In the increasingly competitive business environment in today's society, more and more organisations have recognized the importance of building and developing core competencies to maintain their competitiveness in the market (Boam, 1992). Meanwhile, some organizations fail due to overreliance on their core competencies. The paradox of core competency and core rigidity has spurred growing attention in both academia and practitioner side. This essay will first introduce the term core competence as well as its benefits and limitations. Secondly, it will define core rigidity and discuss the steps managers can take to prevent core competencies becoming core rigidities. .
To identify a company's core competency, it is crucial to be aware of its meaning. Competencies, also known as capabilities are "the ability to do something successfully or efficiently" (Oxford English Dictionary, 1989). There are three tests to distinguish the core competency (Prahalad and Hamel, 1990). Firstly, the capability allows the company to have potential to diversify their market. Secondly, it offers a significant contribution to perceived benefits of the product, in this case, provide superior products for customers. Thirdly, it must be difficult for other company to imitate. Powell (2014) pointed out there should be a fourth test, the capability of being better than competitors, in terms of lower costs, higher quality or better distribution network. For example, Ben & Jerry's core competency is the combination of unique flavours and the way they name their products which allow them to stand out in the market (Thompson et al., 2013).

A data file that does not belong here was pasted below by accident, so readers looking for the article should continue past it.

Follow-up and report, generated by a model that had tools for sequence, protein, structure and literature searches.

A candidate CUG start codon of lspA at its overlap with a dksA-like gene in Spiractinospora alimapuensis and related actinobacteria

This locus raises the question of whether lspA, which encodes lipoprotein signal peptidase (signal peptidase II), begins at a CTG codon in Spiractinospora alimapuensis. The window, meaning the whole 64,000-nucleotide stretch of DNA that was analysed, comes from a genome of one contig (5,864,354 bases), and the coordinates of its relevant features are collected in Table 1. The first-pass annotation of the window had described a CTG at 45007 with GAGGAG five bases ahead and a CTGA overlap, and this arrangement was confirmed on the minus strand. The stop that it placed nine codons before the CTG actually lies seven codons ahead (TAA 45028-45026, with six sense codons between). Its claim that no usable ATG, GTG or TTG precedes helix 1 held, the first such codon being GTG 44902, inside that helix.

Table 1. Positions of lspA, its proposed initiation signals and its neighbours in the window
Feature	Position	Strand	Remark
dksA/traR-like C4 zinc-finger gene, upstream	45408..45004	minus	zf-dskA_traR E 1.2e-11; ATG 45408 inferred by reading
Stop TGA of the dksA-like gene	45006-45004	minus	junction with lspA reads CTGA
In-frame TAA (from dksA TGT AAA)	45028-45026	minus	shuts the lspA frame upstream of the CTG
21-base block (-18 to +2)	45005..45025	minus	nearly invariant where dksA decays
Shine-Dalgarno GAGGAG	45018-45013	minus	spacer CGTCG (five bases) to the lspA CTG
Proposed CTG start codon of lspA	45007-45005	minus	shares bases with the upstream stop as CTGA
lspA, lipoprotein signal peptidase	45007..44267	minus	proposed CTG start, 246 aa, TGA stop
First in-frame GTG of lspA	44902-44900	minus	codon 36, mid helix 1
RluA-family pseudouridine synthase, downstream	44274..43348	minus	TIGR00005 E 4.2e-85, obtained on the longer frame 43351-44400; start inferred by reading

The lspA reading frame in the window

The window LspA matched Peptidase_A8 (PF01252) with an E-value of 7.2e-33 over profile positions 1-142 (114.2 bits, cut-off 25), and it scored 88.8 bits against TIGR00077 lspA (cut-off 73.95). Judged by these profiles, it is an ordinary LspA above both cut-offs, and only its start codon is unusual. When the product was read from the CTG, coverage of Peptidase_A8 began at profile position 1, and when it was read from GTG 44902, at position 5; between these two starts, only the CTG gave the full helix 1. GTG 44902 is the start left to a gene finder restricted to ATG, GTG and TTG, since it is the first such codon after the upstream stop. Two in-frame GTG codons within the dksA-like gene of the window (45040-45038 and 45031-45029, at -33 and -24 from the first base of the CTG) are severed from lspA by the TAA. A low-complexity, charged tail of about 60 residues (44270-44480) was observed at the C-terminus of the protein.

Similarly, in the resource-based view, core competency is the ability which enables the company to leverage its resources (Wernerfelt, 1984). Including both physical assets such as machines, buildings, and intangible assets such as the structure and culture within the company(Kraaijenbrink, 2010).